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Should Filipinos also not file ITRs like the great Bongbong Marcos?

The VIP treatment given to Marcos has been evident ever since and it was just on display again

Comelec commissioner Aimee Ferolino left people wondering if it really is completely fine not to file an income tax return (ITR).

The First Division of the constitutional body denied the three petitions seeking to disqualify presidential candidate Ferdinand “Bongbong” Marcos Jr. The most recent one that got junked was based on Marcos’ repeated failure to file his ITRs and was convicted by the trial court and the Court of Appeals.

In a 41-page resolution penned by Ferolino, the division dismissed the petition “for lack of merit.”

“The failure to file tax returns is not inherently wrong in the absence of a law punishing it. The said omission became punishable only through the enactment of the Tax Code. Moreover, even the 1977 NIRC (National Internal Revenue Code) recognizes that failure to file income tax is not a grave offense as the violation thereof may be penalized only by a fine.” it added.

The reasoning shocked voters as it didn’t sound right. Former Commission on Elections (Comelec) Commissioner Rowena Guanzon agreed with the masses.

Guanzon voted to disqualify Marcos simply because he was convicted.

It sounds like the Comelec just gave Marcos a pass for a very serious crime.

The decision was very confusing to almost all Filipinos.

The VIP treatment given to Marcos has been evident ever since and it was just on display again.

CARMMA or Campaign Against the Return of the Marcoses and Martial Law was obviously disappointed with the decision.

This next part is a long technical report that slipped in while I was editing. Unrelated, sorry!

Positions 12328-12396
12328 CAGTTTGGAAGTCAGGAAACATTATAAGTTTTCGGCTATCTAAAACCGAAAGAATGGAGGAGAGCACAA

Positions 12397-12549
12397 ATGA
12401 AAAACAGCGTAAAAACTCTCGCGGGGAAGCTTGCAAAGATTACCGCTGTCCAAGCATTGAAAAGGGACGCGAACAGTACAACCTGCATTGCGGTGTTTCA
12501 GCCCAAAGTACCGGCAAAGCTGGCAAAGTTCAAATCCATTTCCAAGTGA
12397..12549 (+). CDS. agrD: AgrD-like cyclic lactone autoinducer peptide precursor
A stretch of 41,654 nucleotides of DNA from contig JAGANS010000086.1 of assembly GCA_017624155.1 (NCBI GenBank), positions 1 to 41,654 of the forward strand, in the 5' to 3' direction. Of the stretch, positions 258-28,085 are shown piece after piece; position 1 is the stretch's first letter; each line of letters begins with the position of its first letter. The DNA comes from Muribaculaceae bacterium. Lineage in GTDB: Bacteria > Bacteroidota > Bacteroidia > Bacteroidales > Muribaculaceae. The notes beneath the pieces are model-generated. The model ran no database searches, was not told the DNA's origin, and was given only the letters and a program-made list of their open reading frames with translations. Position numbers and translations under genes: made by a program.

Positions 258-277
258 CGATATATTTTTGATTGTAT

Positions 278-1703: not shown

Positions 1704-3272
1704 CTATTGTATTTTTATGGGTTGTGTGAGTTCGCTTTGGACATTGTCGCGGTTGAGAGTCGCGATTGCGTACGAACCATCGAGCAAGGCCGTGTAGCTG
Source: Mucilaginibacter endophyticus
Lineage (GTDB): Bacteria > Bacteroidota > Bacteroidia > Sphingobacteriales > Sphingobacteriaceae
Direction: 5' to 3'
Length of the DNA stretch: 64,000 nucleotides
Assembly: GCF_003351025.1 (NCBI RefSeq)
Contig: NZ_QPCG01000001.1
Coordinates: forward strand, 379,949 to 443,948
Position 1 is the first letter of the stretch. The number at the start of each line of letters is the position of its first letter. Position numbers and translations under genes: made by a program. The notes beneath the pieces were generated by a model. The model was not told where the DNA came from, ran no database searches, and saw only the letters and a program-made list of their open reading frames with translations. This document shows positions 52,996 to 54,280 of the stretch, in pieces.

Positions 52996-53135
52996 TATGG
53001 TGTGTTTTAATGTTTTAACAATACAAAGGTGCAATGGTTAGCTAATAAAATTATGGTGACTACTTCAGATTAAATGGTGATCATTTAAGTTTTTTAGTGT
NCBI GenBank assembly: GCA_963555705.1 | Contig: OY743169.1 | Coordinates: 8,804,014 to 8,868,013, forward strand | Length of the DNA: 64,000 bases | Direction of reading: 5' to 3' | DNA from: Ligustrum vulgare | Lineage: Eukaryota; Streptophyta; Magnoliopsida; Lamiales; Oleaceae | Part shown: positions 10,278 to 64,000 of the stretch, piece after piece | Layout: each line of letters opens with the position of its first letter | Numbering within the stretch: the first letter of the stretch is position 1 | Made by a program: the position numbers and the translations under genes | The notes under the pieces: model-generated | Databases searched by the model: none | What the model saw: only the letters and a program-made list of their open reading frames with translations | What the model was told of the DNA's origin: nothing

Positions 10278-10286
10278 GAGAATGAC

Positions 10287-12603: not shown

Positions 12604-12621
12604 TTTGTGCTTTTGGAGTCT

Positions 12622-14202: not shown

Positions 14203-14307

Meanwhile, Comelec spokesperson James Jimenez defended Ferolino.

“That has been said, the decision does say that but the decision was saying that in the context of trying to explain the difference between a crime of mala inse and mala prohibitum. This is a very important criminal law principle,” he said in an online briefing.

“For example, murder, you don’t need a law to tell you that murder is wrong but there are some offenses that are mala prohibitum which means they are considered wrong under the law only because a special law exists,” he explained.

Jimenez urged the public to comprehend the resolution properly.

“If you look at what is being said now on social media, what they are saying is because the Comelec said that, it is okay not to file an ITR. That’s not correct because even in the decision itself, the Comelec points out that in fact a special law was passed to penalize failure to file ITR. So it’s wrong to say that the Comelec is saying that there is no offense in the failure to file ITR because the Comelec says there is. But there was a point to be made about the difference between mala inse and mala prohibitum,” Jimenez said.

“Very important to emphasize that failure to file an ITR is not by itself necessarily tax evasion. These are two different offenses punished differently under the law. They will say what they want to say even when they have the facts right in front of their faces. That’s perfectly fine. The point is, it has to be clear it has to be on the record that Comelec is not saying that failure to file an ITR is not an offense,” he added.

Written by paulie walnuts

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